Do we have a government of the people, by the people, for the people? No. It is of the rich, by the poor, for the rich. The poor are a vehicle to vote in the rich through ‘democratic elections’. The arrangement suits the state establishment that requires a dispensation with democratic credentials to manage political institutions. Its past adventures in directly managing political institutions have led to public dissonance.
The use of money and the role of the moneyed in elections and politics have increased to an extent that the less endowed stand almost no chance of contesting, let alone winning, an election. The kind of money that has crept into politics is evident from the declarations of assets and liabilities that parliamentarians have to submit to the Election Commission every year.
The cumulative value of assets declared by 894 esteemed members for 2013-14 amounts to Rs86.56 billion, which includes Rs47.23bn of immoveable and Rs35.85bn of moveable assets in Pakistan and Rs3.46bn of immoveable assets outside the country. The average value of assets for a member comes to Rs96.92 million. Strangely, the elected representatives are not legally required to declare their annual income and taxes they have paid, though they submit it once at the time of nomination for elections.
This data is not exhaustive. While the gazette for 2014-15 has yet to be published, the one issued for 2013-2014 includes declarations of the assets and liabilities of 277 out of 342 members of the National Assembly, 104 members of the Senate, 25 of 124 members of the KP Assembly, 251 of 371 members of the Punjab Assembly, and all members of the Sindh and Balochistan legislatures. The value of total assets will only increase if the data for 180 MPAs is included. The average value of assets may, however, fluctuate. The value of assets in these declarations is based on self-estimates by members. The actual value may be far more than what is declared.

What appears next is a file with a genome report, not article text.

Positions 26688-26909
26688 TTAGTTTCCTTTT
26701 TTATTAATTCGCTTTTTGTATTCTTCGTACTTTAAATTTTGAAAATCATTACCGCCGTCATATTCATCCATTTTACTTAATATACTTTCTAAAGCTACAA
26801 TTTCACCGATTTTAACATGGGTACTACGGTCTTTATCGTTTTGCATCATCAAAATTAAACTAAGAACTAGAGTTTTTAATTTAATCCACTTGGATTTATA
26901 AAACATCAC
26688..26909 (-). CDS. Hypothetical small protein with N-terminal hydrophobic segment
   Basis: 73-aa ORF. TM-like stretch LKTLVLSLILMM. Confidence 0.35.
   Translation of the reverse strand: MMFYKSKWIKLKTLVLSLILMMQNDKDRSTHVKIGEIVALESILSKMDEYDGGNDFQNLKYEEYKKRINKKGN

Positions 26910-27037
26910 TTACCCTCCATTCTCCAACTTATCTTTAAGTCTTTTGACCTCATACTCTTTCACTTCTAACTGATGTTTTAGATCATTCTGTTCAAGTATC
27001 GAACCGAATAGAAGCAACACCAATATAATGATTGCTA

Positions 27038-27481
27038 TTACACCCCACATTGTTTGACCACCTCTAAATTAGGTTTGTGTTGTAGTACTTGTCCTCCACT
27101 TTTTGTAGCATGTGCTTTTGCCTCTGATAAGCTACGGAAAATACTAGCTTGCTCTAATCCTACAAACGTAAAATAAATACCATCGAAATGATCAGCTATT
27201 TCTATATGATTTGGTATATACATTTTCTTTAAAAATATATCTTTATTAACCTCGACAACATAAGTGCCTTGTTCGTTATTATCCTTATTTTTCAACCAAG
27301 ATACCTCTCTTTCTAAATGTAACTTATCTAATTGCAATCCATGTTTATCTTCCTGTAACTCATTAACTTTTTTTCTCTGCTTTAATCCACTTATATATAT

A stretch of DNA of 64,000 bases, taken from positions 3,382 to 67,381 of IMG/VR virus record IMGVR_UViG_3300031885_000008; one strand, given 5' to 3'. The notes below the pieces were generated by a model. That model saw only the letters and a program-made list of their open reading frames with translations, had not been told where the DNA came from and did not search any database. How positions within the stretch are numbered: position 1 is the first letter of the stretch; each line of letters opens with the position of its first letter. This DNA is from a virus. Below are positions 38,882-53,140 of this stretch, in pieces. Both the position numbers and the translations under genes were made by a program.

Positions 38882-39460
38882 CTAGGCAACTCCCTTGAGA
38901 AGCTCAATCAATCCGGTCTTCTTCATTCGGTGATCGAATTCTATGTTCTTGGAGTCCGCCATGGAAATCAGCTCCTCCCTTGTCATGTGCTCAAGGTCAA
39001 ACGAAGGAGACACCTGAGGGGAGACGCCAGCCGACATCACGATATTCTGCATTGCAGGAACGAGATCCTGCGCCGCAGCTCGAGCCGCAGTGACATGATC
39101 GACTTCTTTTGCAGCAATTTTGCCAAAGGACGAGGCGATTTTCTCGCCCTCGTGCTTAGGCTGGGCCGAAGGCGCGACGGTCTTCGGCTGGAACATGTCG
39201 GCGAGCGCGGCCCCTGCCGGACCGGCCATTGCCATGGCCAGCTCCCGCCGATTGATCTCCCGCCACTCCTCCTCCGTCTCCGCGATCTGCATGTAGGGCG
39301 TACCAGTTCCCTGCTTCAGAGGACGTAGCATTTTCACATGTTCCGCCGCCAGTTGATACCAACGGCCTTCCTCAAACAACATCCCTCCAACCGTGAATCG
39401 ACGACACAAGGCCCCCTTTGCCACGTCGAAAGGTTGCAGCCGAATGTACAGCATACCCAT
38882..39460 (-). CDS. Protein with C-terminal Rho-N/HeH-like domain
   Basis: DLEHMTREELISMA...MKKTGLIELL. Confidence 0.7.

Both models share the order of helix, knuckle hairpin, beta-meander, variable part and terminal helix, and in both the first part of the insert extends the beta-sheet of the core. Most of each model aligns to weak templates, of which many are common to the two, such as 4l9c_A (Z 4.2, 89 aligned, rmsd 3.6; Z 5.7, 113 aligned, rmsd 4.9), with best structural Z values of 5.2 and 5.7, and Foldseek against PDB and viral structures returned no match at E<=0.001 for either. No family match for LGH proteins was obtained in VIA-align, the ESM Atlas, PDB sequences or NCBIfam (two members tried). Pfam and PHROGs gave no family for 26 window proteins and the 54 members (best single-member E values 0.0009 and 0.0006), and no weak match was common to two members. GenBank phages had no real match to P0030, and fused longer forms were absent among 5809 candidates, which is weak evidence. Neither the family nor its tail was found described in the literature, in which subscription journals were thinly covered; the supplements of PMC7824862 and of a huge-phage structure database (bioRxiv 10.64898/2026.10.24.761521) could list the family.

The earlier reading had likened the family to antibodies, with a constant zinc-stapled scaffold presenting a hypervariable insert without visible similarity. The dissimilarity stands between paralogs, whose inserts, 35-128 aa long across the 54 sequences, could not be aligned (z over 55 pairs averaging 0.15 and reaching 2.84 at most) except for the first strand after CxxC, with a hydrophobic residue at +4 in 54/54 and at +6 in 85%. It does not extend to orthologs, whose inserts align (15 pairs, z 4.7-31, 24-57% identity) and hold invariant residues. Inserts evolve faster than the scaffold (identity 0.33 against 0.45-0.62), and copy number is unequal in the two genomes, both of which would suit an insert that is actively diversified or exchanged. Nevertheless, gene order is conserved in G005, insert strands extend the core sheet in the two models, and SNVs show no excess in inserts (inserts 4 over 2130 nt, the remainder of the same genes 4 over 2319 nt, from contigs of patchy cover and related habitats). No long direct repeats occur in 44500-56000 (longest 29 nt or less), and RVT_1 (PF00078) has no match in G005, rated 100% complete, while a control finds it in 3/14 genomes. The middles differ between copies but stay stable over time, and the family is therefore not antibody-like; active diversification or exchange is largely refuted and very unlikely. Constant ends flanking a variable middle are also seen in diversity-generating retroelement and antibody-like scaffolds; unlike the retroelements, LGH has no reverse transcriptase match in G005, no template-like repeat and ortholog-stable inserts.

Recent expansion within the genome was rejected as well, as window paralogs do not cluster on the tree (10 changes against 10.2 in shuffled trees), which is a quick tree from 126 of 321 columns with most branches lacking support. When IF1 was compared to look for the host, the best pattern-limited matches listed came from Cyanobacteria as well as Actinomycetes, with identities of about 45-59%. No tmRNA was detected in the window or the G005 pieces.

The kind of money that has crept into politics is evident from the parliamentarians’ declarations of assets and liabilities
Of 894 members whose assets were available, only 227 had assets valuing less than Rs10m, 452 between Rs10m and Rs100m, 207 between Rs100m and Rs1,000m and eight more than Rs1,000m. The total value of assets of members in the National Assembly is Rs35.91bn, the Senate Rs16.41bn, Punjab Assembly Rs19.98bn, Sindh Rs11.43bn, KP Rs210.41m (of 25 out of 99 members) and Balochistan Rs2.59bn.
A party-wise analysis of the value of assets only strengthens the argument that the rich and mighty are the best choices for most political parties. The cumulative value of assets held by 458 members of the national and provincial assemblies belonging to the PML-N whose declarations were available comes to Rs48.19bn, 164 members of PPP to Rs17.55bn, 67 members of PTI to Rs5.89bn, 50 members of MQM to Rs1.41bn, 13 members of PML-F to Rs1.83bn, 15 members of ANP to Rs1.07bn, 28 members of JUI-F to Rs597.34m, 19 members of PkMAP to Rs320.33m, 15 members of NP to Rs370.44m and so on. The 22 independents in the national and provincial assemblies whose declarations were available hold assets amounting to a whopping Rs3.31bn. However, there are exceptions. For instance, there are 29 members of national and provincial assemblies belonging to all major parties whose assets are less than a million rupees.